Gay Black Artist Jonathan Lyndon Chase Makes His Mark in the L.A. Art World
By Shana Nys Dambrot
Jonathan Lyndon Chase does not paint self-portraits. But in every stroke and atom of his prismatic, distressed and lyrically visceral mixed-media portraits, the artist embodies his own sense of self, both literally and figuratively constructing complex aspects of personal identity right before your eyes.
The 28-year-old, Philadelphia-based artist has just opened his first major solo exhibition in Los Angeles, home to his new powerhouse gallery representation, Hollywood’s Kohn Gallery. It’s a huge moment in Chase’s career, and the affecting, engaging and original work on display in the show, "Sheets," lives up to the moment.
As a gay black man, aware at all times of existing as a “minority within a minority,” Chase has developed a unique aesthetic style characterized by an eclectic assortment of materials and mediums, a wide array of techniques, and influences ranging from Romare Bearden to Francis Bacon, Alison Saar to Kerry James Marshall.
Chase's depictions of individuals and pairs of figures, very often attractive gay men of color, are rendered using painting, drawing, collage, digital media, watercolor, pastel, oil stick, glitter, marker, charcoal, pen and pencil. The way he contours a face or a body can range from the richly textured to the translucent and ethereal, even within the same composition.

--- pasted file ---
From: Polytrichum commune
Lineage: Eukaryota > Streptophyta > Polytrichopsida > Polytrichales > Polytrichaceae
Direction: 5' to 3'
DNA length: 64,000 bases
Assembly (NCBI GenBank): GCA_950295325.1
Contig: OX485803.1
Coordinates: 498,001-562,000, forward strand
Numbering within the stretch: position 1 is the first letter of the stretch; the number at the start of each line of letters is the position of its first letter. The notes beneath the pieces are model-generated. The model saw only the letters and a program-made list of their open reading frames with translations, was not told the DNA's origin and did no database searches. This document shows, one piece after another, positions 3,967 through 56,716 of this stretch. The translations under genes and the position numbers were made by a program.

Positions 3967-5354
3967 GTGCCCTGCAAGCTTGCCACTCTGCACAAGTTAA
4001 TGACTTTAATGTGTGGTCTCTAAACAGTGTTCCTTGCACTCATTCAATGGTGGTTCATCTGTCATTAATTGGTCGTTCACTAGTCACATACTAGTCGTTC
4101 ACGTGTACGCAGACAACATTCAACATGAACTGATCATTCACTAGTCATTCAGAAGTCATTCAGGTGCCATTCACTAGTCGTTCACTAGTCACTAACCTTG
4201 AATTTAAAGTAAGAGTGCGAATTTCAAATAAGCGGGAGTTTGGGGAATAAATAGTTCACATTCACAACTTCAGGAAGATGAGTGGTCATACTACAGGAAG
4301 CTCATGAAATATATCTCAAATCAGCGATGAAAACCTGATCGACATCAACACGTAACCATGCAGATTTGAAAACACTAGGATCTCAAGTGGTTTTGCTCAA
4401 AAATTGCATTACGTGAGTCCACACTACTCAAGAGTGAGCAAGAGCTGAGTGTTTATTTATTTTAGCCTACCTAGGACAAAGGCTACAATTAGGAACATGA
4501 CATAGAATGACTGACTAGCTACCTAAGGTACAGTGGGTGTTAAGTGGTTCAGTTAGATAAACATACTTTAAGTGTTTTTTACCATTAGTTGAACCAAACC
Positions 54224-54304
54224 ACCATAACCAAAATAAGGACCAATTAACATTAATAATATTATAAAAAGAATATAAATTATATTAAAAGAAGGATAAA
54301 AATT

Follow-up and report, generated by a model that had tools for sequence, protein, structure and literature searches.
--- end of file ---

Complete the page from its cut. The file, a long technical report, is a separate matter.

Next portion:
More than intense chromatic and narrative visual poetry, more than lovely images of lovely men, the way Chase practices his art embodies an analogous psychic process — that of forging one’s own public and private persona in the continuum of a non-binary existence such as his own. Seeing race and gender as performed social constructs, in Chase’s art he intuitively selects a variety of elements from which to build his art as he has built himself.
The volatile visual and material juxtapositions represent a related psychosocial dynamic of duality — between inner and outer lives, private and public spaces, history and experience. Viewing the body as an archive of memories in much the same way as the canvas is a compendium of mark-making, Chase offers a visual expression of the invisible operations of his heart and mind, making the world as he makes his way through it.